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Time to break colonial bonds

In a unifying, optimistic and determined inaugural address to the nation, Jamaica’s history-making leader Portia Simpson Miller said although she affectionately embraces HRH Queen Elizabeth II, the time had come for an end to the sovereign rule over the island.

“I love the Queen. She is a beautiful lady,” the seventh elected and first female leader said, “and apart from being a beautiful lady, a wise lady and a wonderful lady, but I think time come.”

She made the bold statement at King’s House, a landmark location purchased by the British in 1872 to house Britain’s governor general to Jamaica.

“This 50th anniversary year will be a time for reflection on the lessons of the past; and as we celebrate our achievements as an independent nation, we now need to complete the circle of Independence,” the 66-year-old prime minister said.

“In this regard, we will therefore initiate the process of our detachment from the monarch to become a republic with our own indigenous president as head of state,” she added.

Segments of the crowd of approximately 10,000 invited guests cheered the controversial proposal if executed by referendum could elevate the island’s first female prime minister and only leader to take the oath twice in five years to the position of president.

“In our political history, it is a rare opportunity to be given a second chance to lead. It is also a sobering experience. But, I have been strengthened by the experience of going through the first phase of the journey,” Simpson-Miller added.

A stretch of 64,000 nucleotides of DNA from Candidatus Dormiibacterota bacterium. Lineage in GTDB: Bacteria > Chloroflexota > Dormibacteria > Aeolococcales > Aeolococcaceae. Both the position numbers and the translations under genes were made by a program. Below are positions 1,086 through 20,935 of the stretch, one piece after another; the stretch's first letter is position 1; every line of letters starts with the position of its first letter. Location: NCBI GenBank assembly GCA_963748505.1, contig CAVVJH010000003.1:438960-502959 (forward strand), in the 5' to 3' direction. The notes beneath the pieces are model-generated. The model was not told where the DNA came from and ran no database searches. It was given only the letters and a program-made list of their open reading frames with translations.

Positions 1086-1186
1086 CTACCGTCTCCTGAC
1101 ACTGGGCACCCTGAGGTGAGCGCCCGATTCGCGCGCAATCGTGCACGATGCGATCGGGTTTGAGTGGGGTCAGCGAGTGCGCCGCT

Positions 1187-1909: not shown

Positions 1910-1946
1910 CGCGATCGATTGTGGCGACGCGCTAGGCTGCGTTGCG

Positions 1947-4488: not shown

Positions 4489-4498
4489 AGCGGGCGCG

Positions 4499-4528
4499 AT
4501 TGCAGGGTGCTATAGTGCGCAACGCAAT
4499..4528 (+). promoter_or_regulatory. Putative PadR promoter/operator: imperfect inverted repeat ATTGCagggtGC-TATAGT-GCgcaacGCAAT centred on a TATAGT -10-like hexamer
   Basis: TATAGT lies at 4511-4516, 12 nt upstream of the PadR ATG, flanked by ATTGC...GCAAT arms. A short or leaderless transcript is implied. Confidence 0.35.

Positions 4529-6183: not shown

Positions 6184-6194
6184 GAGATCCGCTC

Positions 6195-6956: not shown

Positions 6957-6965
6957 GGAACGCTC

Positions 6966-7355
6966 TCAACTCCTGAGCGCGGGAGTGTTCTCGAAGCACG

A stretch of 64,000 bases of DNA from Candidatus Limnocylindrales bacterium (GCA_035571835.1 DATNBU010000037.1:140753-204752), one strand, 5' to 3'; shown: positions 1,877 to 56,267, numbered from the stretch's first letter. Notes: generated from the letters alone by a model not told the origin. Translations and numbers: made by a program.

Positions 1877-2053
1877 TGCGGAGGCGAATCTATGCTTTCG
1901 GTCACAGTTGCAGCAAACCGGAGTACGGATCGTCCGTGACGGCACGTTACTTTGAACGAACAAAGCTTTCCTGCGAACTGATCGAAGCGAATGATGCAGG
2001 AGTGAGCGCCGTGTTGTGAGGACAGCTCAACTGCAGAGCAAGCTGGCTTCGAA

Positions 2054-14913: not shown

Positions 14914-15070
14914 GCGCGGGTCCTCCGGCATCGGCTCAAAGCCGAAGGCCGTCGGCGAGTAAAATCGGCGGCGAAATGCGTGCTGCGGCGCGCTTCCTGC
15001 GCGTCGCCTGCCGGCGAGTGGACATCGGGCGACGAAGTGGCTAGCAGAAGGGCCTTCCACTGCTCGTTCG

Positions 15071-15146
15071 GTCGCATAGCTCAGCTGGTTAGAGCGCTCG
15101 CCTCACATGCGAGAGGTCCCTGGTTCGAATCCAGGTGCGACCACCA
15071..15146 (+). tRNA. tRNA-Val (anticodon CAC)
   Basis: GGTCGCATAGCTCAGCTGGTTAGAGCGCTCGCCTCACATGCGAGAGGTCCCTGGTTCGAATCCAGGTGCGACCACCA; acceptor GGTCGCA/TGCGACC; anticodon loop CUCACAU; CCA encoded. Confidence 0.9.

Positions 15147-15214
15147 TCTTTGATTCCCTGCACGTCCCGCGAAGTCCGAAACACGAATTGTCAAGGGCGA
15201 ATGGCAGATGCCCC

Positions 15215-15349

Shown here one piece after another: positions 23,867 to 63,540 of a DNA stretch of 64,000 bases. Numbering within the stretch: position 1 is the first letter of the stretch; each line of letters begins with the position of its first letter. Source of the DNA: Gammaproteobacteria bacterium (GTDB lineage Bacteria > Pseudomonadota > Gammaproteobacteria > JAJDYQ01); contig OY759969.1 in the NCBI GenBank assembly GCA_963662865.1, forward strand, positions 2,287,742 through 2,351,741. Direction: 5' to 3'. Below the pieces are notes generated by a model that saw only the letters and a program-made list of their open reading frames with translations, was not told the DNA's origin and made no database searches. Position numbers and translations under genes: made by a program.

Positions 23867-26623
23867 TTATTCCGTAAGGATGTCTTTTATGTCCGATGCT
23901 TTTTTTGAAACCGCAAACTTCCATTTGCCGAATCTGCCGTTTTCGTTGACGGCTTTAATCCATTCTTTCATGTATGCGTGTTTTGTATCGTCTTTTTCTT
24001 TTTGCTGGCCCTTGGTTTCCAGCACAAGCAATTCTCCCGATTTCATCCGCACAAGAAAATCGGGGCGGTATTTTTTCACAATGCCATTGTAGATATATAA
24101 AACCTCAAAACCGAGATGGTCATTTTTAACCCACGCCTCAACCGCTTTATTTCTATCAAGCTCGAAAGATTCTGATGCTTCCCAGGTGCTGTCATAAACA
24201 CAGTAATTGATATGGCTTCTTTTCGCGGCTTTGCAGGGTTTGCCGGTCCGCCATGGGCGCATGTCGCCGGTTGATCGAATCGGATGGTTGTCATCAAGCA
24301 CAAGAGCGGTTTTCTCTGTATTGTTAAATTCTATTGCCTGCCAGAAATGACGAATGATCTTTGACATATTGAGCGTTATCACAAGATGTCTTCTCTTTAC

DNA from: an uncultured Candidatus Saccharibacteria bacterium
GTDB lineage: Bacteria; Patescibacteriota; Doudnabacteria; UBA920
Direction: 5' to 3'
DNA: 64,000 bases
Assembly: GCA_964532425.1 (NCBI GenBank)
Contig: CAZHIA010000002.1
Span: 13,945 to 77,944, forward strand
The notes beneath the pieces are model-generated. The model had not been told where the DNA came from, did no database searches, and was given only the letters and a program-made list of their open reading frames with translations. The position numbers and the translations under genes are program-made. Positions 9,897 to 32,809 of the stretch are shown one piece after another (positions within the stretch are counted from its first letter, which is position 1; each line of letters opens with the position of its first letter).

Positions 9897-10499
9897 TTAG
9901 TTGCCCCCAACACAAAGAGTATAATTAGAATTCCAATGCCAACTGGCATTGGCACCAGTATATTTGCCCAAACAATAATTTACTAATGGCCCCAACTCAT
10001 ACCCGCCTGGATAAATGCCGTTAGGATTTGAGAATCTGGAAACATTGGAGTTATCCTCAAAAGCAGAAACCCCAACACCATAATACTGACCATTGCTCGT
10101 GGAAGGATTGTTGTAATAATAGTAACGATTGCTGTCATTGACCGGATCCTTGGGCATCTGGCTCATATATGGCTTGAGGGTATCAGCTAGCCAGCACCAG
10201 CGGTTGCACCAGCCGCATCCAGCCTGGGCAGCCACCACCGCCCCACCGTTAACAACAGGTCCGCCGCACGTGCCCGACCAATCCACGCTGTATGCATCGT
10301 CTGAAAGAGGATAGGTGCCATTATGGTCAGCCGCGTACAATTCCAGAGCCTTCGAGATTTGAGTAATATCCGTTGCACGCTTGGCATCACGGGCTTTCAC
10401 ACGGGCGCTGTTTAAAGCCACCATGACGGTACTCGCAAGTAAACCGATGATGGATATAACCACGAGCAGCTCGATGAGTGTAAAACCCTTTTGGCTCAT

Present at the swearing-in ceremony were former Prime Ministers P.J. Patterson, Edward Seaga and Andrew Holness, the latter seated prominently on the same elevated stage to her right.

Conspicuously absent from the ceremony was the only former Prime Minister Bruce Golding, former leader of the Jamaica Labour Party and rival politician who defeated Simpson Miller in 2007.

Allegedly, Golding expressed similar sentiments almost one year ago suggesting Jamaica should replace the queen as head of state before Aug. 6, 2012, the 50th anniversary of independence.

“I have long believed that if I am to have a queen, it must be a Jamaican queen,” Golding said. “I would not wish to see us celebrate 50 years of Independence without completing that part of our ‘sovereignization’, for want of a better word,” he told legislators.

“We must fully repatriate our sovereignty,” Simpson Miller said, while urging the opposition to join with the government in abandoning the Privy Council and to embrace the approval of a Caribbean Court of Justice.

Also present at the inauguration were representatives of Canada, Trinidad & Tobago, Turks & Caicos Islands, Suriname, the USA and McKeeva Bush, Premiere and Minister of Finance of the Cayman Islands.

Esteban Lazo Hernandez, the Vice President of Cuba led a delegation which also comprised the Vice Minister of Foreign affairs Rogelio Sierra.

Rasta In The House

According to results of the recent elections in Jamaica, when the new parliament meets there for the first time a Rastafarian will be present in the House – Gordon House, home of the House of Representatives.

Damion Crawford, a dreadlock-wearing, member of the People’s National Party handily won a coveted place to the seat of government on Dec. 29.

He challenged the incumbent Jamaica Labour Party’s candidate Joan Gordon-Webley to represent East Rural St. Andrew. He not only beat Gordon-Webley but whipped by a huge margin, an independent candidate who ironically shared his name. When the final votes were tallied, the PNP’s Crawford claimed 9,622 votes; Gordon-Webley, 9,408 and the independent Damion Crawford mustered 58 votes.

“It’s about time,” representatives of the Rastafari community said.

But others questioned Crawford’s credibility citing “Rastas don’t get involved in politics.”

Crawford, 31 attended Kingston College and the University of the West Indies.

He also lectured there and reportedly distinguished himself as chairman of Taylor Hall. He also presided over the UWI Mona Guild.

He was also a president of the PNPYO, the youth division of his political party.

Catch You On The Inside!

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